In the Nineties, the place postpunk might have occupied was taken by other stuff .... Like Neil Young, who seemed like a totemic ancestor, a godfather figure to a lot of the rock action of the decade, the grungy and slackery end of things. The idea of, say, Talking Heads, or PiL, being an influence, a model, would then have seemed pretty daft. But now it's the other way around.  

The man when it comes to all things canon-related is of course Harold Bloom, and he argues that what goes into the canon of Western Literature and what gets left out is something determined by later poets and writers and dramatists.    They choose their influences and precursors. (Not always consciously choose - but through processes of attraction that seem to operate outside the realm of volition, to have more in common with visitation and possession). 

Go long enough without being an influence, without any visible descendants,though,  and you will begin to slip out of the canon.  Literary history is full of figures like Graham Parker or Eric Clapton, once considered Immense, colossi bestriding their eras - George Bernard Shaw,  Tagore.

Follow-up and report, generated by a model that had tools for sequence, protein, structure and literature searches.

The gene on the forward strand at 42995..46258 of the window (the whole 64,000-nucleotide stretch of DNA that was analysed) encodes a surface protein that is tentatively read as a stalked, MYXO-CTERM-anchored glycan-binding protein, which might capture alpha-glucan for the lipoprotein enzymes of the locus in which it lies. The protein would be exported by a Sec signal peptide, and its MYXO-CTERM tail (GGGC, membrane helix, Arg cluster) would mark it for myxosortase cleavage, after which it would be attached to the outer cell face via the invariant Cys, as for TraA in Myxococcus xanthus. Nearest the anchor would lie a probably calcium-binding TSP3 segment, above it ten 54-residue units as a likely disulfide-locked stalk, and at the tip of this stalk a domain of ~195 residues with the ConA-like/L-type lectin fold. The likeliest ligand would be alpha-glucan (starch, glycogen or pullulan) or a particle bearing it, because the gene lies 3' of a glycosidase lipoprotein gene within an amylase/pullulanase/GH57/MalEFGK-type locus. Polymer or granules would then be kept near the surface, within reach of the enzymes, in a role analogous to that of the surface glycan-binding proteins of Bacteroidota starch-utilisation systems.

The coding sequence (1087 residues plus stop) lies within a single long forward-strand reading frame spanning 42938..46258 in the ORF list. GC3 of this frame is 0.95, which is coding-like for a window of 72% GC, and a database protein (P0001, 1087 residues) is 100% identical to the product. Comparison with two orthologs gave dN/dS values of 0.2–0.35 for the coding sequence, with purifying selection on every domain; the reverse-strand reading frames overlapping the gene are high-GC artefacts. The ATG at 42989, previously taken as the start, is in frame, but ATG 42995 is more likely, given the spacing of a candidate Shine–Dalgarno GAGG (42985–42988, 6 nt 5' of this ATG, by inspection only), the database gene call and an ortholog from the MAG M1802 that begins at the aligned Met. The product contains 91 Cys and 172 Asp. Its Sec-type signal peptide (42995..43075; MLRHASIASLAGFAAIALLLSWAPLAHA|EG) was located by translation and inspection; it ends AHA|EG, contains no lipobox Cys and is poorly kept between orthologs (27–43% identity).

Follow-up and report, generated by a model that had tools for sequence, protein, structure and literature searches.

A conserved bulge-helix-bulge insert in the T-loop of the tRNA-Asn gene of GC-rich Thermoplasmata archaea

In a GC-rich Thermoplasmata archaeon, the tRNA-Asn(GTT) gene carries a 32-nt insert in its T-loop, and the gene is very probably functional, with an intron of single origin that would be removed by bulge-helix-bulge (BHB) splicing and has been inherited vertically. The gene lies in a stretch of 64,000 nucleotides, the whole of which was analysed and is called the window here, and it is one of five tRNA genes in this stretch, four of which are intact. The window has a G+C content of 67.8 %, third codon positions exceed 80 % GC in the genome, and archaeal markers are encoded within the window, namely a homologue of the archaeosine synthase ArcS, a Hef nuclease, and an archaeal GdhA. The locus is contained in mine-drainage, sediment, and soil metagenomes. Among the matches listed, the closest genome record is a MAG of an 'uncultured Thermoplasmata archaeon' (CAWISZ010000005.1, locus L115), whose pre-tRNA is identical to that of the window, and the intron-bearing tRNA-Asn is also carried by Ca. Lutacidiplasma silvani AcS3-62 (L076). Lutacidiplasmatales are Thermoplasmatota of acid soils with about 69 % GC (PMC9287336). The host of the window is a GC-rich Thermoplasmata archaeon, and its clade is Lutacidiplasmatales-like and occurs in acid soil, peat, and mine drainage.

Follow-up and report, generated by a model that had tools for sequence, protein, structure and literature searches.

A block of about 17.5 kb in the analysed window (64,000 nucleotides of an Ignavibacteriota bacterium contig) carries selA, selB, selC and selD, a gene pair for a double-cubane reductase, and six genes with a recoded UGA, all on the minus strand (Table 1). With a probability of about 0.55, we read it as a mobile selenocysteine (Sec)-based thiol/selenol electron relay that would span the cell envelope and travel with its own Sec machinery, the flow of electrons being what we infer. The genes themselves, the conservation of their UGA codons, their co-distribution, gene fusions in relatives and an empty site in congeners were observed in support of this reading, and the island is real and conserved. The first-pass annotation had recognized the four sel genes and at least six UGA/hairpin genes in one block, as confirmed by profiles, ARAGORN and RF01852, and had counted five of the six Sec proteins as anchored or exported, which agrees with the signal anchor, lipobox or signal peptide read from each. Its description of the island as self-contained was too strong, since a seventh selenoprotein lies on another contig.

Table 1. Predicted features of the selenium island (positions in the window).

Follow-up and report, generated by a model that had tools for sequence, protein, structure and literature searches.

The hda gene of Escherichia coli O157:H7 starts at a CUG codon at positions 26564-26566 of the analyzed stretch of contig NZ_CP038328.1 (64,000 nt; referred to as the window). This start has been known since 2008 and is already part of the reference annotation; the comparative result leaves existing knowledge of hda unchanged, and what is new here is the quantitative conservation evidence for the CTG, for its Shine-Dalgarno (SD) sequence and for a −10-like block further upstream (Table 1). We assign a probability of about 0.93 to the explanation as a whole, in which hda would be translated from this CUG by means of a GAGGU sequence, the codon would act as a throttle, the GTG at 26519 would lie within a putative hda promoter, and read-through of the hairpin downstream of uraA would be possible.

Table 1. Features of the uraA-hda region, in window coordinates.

Kate Bush's rise in stock, the way she seems a more central figure in pop music history than she did during her actual historical prime is caused in part, then, by the large number of artists who emerged (ac)claiming her as an influence, a role model, an inspiration --  Bjork, Bat For Lashes, St Vincent, Tori Amos, Grimes, FKA Twigs.

But you could scour the current landscape of audio production and travel a long way before you found instances of  young, emerging artists influenced by Clapton, Costello, Rod Stewart, Graham Parker... people that critics would  once have figured for enduring forces in music, germinal figures, but actually turned out to be the last of a family line leading up to them but sputtering out with them.   

Non-seminal, you might fairly call them, twisting the rockcrit cliche. 

Of course, there has been something of an industry of excavating obscure figures or forgotten/maligned genres...  an attempt to harness them to the fashion machine. 

But I'm more interested in the way these fluctuations more often seem to occur through anonymous collective processes... 


The slightly chilling takeaway thought from all this is, of course, that what seems central and crucial to us right now could -- in many cases, will -- seem peripheral and inessential  to us at some later date.

I suppose it's not unlike the old girlfriend /  boyfriend  syndrome, "what on earth did I see in her / him?"

In some cases, you can see still, very clearly - perhaps painfully, certainly wistfully - what you saw in them. It'll never leave you. 

But in other cases... 

Likewise certain artists and genres abide with you to the end of your days. And others don't, Which doesn't mean they weren't fine in their moment, for whatever you got out of them or wherever they took you, the thoughts they spurred, the feelings they stirred.